Ways to do “cool stuff” with MW: The First

  • Fix the top of your deck to a Tooth & Nail.
  • Play Maelstrom Wanderer.
  • Cascade into the Tooth & Nail, paying 2 for Entwine.
  • Get Primeval Titan & Avenger of Zendikar.
  • Resolve second Cascade into whatever.
  • Resolve Maelstrom Wanderer.
  • Everything gets haste. Attack for 7+5+6+4X (where X is the number of lands you controlled when the Avenger triggered), so probably in the region of 50-ish damage.


Ways to do “cool stuff” with MW: The Second

  • Get Momir Vig, Simic Visionary into play.
  • Play Maelstrom Wanderer.
  • Stack the Momir Vig triggers so you draw first then tutor for an Avenger of Zendikar to put on top of the library (just hope you didn’t draw either it or PT).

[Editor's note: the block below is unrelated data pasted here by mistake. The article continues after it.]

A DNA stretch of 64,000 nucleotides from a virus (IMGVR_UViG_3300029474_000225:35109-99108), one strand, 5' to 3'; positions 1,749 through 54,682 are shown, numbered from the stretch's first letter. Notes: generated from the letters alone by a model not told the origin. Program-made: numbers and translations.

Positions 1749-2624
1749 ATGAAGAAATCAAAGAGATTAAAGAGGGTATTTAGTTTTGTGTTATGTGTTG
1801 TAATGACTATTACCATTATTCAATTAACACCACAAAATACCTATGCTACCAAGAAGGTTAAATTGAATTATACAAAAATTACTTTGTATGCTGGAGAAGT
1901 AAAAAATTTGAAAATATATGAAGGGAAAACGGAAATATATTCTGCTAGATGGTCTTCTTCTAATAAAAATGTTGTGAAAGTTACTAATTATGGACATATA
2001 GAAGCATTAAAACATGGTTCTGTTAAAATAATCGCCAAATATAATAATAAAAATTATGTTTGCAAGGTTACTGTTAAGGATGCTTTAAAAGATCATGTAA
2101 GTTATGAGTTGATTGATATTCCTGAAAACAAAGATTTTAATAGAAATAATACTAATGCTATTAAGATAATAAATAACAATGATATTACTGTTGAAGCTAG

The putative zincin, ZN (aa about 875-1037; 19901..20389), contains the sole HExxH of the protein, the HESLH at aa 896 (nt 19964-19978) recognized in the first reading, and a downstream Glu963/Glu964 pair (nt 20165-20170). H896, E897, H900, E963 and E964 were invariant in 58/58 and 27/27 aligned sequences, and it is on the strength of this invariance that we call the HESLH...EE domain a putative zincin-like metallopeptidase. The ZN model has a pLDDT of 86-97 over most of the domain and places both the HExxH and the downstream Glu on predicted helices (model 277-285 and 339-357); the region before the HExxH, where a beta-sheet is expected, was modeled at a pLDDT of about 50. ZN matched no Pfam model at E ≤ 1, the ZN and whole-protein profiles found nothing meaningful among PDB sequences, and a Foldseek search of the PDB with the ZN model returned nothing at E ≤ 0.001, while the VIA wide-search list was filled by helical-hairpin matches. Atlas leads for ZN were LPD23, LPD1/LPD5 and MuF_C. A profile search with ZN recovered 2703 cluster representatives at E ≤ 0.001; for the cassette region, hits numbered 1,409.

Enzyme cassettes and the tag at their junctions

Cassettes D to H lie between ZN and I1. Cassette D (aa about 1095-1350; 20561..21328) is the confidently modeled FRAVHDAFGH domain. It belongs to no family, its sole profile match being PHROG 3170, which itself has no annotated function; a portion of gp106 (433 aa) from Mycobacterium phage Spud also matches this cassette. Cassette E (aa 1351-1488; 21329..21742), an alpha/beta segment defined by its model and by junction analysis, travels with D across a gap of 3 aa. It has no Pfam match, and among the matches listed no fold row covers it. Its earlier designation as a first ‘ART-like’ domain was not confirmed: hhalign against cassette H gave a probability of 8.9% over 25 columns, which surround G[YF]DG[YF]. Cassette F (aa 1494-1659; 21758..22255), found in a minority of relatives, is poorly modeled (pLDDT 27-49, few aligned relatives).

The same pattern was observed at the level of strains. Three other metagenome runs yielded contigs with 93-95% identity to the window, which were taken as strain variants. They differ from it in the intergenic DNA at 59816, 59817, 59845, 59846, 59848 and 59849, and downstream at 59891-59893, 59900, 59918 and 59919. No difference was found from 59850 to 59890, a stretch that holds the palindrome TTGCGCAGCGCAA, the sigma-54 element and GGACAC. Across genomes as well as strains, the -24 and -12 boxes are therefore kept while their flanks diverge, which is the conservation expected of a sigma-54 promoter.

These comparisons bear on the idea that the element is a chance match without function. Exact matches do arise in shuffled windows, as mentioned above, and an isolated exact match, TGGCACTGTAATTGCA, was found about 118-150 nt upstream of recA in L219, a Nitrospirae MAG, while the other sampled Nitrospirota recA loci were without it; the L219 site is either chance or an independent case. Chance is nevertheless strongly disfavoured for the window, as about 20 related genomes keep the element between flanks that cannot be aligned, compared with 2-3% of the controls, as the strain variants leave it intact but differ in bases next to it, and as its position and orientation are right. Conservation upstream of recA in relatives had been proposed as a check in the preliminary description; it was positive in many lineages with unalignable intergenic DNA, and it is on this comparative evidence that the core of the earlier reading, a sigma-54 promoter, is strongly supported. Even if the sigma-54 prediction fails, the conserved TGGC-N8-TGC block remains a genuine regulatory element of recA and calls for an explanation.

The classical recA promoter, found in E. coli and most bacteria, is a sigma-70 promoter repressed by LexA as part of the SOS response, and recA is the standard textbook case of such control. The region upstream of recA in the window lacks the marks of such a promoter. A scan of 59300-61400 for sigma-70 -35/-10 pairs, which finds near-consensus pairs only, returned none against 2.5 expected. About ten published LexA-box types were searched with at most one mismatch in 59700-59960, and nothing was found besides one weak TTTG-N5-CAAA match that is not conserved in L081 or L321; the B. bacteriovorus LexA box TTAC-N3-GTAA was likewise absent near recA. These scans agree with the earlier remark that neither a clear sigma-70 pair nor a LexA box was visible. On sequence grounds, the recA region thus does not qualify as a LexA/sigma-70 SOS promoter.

• Resolve the first cascade into Avenger of Zendikar and play it.
  • With the new Momir Vig trigger, tutor up Primeval Titan and put it on top of the library.
  • Resolve the second cascade into Primeval Titan and play it.
  • With the new Momir Vig trigger, tutor up something else and put it on top of the library.
  • Resolve Maelstrom Wanderer. 
  • Everything gets haste. Attack for 7+5+6+4X (where X is the number of lands you controlled when the Avenger triggered), so probably in the region of 50-ish damage. [Yes, I did just copy/Paste that]


Ways to do “cool stuff” with MW: The Third

  • Fix the top of your deck to a Jokulhaups or Devastation.
  • Play Maelstrom Wanderer.
  • Cascade into Jokulhaups or Devastation.
  • Either set up your second cascade into Primeval Titan or cascade blind.
  • Have a fun game!!